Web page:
A second point of distinction of biblical justice is going to start with the pride-leveling reality from Paul’s argument in Romans 3 when he says all have sinned and fallen short of the glory of God. A biblical approach to justice isn’t going to play these kinds of inner-tribal identity group games of saying, “Well, I’m in the good group. We’ve been oppressed. You’re in the bad group, and you’re the oppressors.” Rather, it’s sort of like a wrecking ball that smashes far-left and far-right versions of identity politics where my economic status, skin tone, or my XX or XY chromosomes will determine the worth and value of what I have to say. A biblical view knows we’re tragically united in Adam. But then there’s this new identity in Christ that draws people together from every tongue, tribe, and nation. So a biblical approach to justice is going to give us a foundation for real, meaningful unity that you just won’t find in the “social justice B” alternative.
How does the image of God fit into all that? If I’m starting from a biblical perspective, then even the people I most passionately disagree with are not enemies on the battlefront of a culture war. Instead, I need to see them at a deeper level. I need to see them theologically and through biblical lenses where this person is an image-bearer of God. And when that clicks, it’s really hard to keep playing the name-calling game, the mudslinging, the assuming the worst about everybody who disagrees with me. If you look at the “social justice B” alternative, there just isn’t a category for the imago Dei. It lends itself more readily to being able to use some pretty dehumanizing language to describe people who don’t agree.
JT: Let’s dig a little bit into some of the issues surrounding identity politics and the elevation of group identity over and against biblical categories of being in Adam or in Christ. One of the criticisms that a lot of Christians have of the social justice movement broadly is the elevation of this group identity. Help us to think through some of the valid elements of understanding group dynamics in the ways that certain groups have been disenfranchised over time, and at the same time realizing that all of us have sinned and fallen short of the glory of God. How do we navigate some of the tensions between those worldviews?
TW: I’m going to resort to my mentor, my friend, the living legend of the Civil Rights Movement, John Perkins, who, as you mentioned, was kind enough to to write the foreword to my book. And he shares four basic points. Number one, we’ve got to start with God. If you don’t start there, then these tribal identities are going to lead to tribal warfare. If we don’t start with God, then we’re not starting with the image of God as the premise of how we engage somebody.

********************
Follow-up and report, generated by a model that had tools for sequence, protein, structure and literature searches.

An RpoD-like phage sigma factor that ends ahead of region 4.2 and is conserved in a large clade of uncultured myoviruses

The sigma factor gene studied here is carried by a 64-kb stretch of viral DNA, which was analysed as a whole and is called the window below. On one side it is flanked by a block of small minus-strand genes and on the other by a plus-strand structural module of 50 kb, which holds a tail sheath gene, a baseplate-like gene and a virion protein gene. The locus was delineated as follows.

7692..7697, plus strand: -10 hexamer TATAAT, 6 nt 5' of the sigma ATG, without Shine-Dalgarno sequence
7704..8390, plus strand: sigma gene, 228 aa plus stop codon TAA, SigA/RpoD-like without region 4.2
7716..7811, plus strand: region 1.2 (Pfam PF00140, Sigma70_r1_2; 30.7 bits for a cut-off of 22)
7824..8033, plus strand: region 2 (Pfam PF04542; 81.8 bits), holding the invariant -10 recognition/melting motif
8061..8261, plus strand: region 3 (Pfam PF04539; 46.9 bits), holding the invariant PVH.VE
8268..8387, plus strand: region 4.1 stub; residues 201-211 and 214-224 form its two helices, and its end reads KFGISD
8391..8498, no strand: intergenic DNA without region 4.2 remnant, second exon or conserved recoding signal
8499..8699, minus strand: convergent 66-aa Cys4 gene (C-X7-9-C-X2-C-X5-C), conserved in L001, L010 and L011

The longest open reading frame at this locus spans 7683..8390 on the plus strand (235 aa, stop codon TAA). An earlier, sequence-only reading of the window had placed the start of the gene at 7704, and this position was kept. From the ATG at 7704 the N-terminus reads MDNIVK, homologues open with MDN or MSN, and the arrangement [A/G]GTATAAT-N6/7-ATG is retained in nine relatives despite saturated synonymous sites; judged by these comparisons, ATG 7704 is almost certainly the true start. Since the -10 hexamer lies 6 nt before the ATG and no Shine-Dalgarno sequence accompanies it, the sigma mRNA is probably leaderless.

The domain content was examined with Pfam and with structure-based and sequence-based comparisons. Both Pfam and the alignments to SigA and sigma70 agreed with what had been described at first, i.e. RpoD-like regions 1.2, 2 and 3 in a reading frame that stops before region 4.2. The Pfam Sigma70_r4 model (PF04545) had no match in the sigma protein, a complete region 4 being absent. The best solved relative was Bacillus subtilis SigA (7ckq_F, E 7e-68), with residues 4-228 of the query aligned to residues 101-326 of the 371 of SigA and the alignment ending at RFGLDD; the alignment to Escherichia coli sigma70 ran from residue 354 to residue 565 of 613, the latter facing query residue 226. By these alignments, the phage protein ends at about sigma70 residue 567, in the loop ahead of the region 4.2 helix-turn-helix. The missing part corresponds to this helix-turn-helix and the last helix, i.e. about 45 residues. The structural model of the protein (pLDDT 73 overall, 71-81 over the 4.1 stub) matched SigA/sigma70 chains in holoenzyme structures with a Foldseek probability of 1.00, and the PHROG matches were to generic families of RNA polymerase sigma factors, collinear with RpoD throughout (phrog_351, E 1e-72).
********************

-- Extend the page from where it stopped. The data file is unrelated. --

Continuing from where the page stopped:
His second bit of insight is to be one in Christ. Basically, he says, regardless of the melanin levels in your skin cells, recognize that you have been adopted by the same Father into the family of God. You have been redeemed by the same Son, by the death and resurrection of Jesus, and you’re inhabited by the same Holy Spirit. Whatever cultural differences, melanin level difference, XX or XY chromosome differences, or whatever other kind of cultural category we could sort people into, a running thread through New Testament theology is that we are family. And if we aren’t reminding ourselves of that often, then we’re going to fall into these, polarized political traps and start excommunicating each other left and right.
His third bit of advice is to keep the gospel first — the historic gospel. In 1 Corinthians 15, Paul says this is of first importance. He cites this ancient — and some scholars think it’s actually the earliest — creed we have on record from the first century church: Christ died for our sins in accordance with the scriptures, he was buried, he rose from the dead on the third day and appeared. If we get so swept [up] in social justice that the best news in the universe, the saving death and bodily resurrection of Jesus, becomes an afterthought, then Perkins says we aren’t doing justice and forth.
And finally, he says, just teach the truth. He clarifies and says don’t go with what’s politically in vogue or what’s trendy right now. Don’t go with what politicians and presidents say. Don’t side with the Twitter mob. When we start with God’s Word, it’s going to take us back again and again to the fact that we all need community in Christ. We join an every-tongue-tribe-and-nation kind of community that gives us a foundation for being a true family. Whereas the further and further we drift from the text, the more we get swept up into the political moment, which is all about us-versus-them tribalism.
JT: Throughout your reading and research, what role [did you discover that] technology, specifically social media, plays in some of these identities and tribalism and polarization? How do you counsel Christians to use these technologies more wisely?
TW: That is a profound and pressing question. The advent of the trifecta of the internet, social media platforms, and smartphones is extremely new in the history of the human race. And that means that I now have at my fingertips instant access to everything horrible happening on planet Earth, with a few swipes. I can quickly be pulled down a rabbit hole of depressing headline after depressing headline. I think a lot of the fallout of the social media and smartphone revolution is that we just don’t know how to cope with scrolling through a news feed and seeing everything horrible thrown into our field of consciousness on a daily basis. That’s part of the problem.